ATK invest in a powerful future

Scott Harmala is vice president of US rental company ATK Audiotek, which provides audio solutions for huge productions including the last 14 Superbowls. At NAMM 2011, Harmala explained why acquiring a staggering 450 Powersoft K Series amplifiers is actually not such a big deal in the long run.
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Scott Harmala (pictured) is vice president of US rental company ATK Audiotek, which provides audio solutions for huge productions including Dancing With The Stars and the last 14 Superbowls. At NAMM 2011, Harmala explained to Paul Watsonwhy acquiring a staggering 450 Powersoft K Series amplifiers is actually not such a big deal in the long run.

What was the thinking behind revamping your amplifier inventory?
We used to tour, but we don't anymore – all our events are one-offs and the configuration of our amps changes all the time, so I have been dreaming of a universal approach: a small module of three amps that can basically be utilised for all of our speaker systems. And that makes it a dream for us in terms of logistics in our warehouse, because all we have to worry about is amp channels.

What is it about the Powersoft amps that you like?
We started looking at the K Series about four years ago – I saw it in an ad and assumed it was one of these inflated specs – how much power? Yeah, right. [Laughs]

Anyway, we got hold of one and put it on the bench right away; and when we started running it through the numbers, we honestly couldn't believe it. At the time we weren't in the market for investing in amplifiers so it was one of those things that we just noted.

Some time later, I was still working on this dream of having a universal one-amp package inventory and we started having problems with out existing inventory. It was obviously time to replace it, so I proposed a unified universal approach to my partners. After explaining the magnitude of this investment – and once they had picked themselves off the floor – they understood the logistical and technical advantages it would give us. We technically made the purchase in March 2009, but we've been using them in the field for around a year now.

Why did you make such a huge investment?
Well, I don't think there's going to be any major changes in passive loudspeaker technology for some time, which is the format we stick to, and 10,000W is enough power, so I am safe. Plus, I can't really imagine smaller than one rack space! The K-10 has digital in and analogue in, it's got Ethernet control, and the scalability of imbedded DSP if you want to go that approach.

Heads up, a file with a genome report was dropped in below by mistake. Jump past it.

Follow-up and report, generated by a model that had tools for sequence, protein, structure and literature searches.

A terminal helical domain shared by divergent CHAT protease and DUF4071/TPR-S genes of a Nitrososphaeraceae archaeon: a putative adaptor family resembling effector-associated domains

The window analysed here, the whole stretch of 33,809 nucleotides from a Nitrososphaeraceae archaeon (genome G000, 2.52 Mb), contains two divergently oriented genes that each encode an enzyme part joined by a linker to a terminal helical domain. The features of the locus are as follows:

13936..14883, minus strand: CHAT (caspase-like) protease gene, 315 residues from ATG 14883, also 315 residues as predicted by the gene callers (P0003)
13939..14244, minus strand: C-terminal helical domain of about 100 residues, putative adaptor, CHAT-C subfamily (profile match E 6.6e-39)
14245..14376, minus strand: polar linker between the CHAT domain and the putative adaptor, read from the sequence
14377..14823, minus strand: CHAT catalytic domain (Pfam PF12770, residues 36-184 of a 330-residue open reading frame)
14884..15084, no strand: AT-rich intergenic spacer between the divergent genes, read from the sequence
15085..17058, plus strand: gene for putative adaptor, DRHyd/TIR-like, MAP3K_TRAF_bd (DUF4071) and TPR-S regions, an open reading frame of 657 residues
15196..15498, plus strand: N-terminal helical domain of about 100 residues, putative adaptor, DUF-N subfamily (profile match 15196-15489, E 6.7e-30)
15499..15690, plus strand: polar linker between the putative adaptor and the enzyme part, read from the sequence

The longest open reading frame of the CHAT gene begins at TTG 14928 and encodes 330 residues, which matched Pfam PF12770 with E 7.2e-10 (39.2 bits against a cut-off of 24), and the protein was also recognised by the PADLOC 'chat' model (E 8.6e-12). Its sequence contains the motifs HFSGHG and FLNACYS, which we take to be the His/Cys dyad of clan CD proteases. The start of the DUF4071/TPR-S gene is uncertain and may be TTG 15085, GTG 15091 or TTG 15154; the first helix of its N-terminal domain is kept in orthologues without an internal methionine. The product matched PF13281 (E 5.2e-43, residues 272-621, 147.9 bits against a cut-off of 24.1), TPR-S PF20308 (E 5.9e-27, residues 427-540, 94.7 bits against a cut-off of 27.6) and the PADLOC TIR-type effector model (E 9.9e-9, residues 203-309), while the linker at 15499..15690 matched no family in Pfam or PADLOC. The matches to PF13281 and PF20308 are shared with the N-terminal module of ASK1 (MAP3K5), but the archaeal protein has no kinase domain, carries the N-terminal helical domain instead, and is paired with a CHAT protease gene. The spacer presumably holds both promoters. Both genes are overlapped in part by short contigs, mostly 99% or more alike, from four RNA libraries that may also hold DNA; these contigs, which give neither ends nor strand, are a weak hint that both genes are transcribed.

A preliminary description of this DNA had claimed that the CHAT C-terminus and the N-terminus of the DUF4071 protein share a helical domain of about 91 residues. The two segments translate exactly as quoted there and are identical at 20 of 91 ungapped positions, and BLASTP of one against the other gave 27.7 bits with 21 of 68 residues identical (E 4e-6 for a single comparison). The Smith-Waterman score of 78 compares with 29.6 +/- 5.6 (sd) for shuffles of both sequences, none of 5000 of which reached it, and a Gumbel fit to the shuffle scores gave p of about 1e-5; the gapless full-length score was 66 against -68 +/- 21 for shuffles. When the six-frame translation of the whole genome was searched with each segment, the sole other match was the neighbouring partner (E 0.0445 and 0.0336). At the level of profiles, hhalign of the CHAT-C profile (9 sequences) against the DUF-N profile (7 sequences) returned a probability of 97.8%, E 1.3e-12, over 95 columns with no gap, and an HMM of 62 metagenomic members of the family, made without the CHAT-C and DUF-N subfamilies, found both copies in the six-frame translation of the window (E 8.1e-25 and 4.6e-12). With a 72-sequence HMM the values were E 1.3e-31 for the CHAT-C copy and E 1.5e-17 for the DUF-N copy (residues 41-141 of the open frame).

The scalable architecture is what really attracted me to it, so I could buy into it slowly and get comfortable with it. We do probably the most technically challenging stuff on the planet and we are not just an end user, we are a partner, which is critical because we will run the stuff through the mill, find the weaknesses, and then find out how easy they are to work with in terms of rectifying the problems.

This year's Superbowl was the first to be completely driven by Powersoft amplifiers; how many of the 450 amps went into the production?
We used 72 JBL VerTec 4889, so we brought in 48 amplifiers for the PA, another 24 for the subs and then for the foldback, another 20.

You're responsible for the pre- and post- show events as well as the half-time show; how many people will you have on-site?
It used to be 45 people on site three-and-a-half weeks out from game day, but now it's two weeks out from the beginning. The maximum staff is about 35 people, with seven mix engineers working in various capacities.

Why stick to a passive solution?
Passive speakers are inherently more reliable; and because our shows are one-offs and logistically challenging, we have to do a complete overhaul in the way we do signal and power distribution. We have a sizeable investment in that – and I am not really keen to abandon that and build a whole new method.

Up until recently – and by that I mean Martin's MLA – we have not had any driving incentive to say 'this is clearly a better way'. Time may show me I have jumped the gun and made a horrendous error in estimating where the future of my industry is going, but I think there are still a lot of things that need to be worked out in that technology. I can still do a lot of that wizardry with the passive solution with the amps on the ground, just with the granular approach.

So, the investment's been worthwhile?
Transducer technology has pretty much been static for the past 50 years. Materials and sciences have got better, so we can have more power, but it's just going to be incremental improvements. I think 10,000W is enough, so my plan is to get 20 years of service life in these amps.

And from a support point of view, you must be pleased that Powersoft's US HQ has relocated to California...
Honestly, in the beginning I was nervous about putting all my eggs in one basket with a European company – not that I had a problem with it, but there's nobody here! [Laughs]. Powersoft had an east coast solution that we utilised, but now they're just seven miles from our office, which is perfect.


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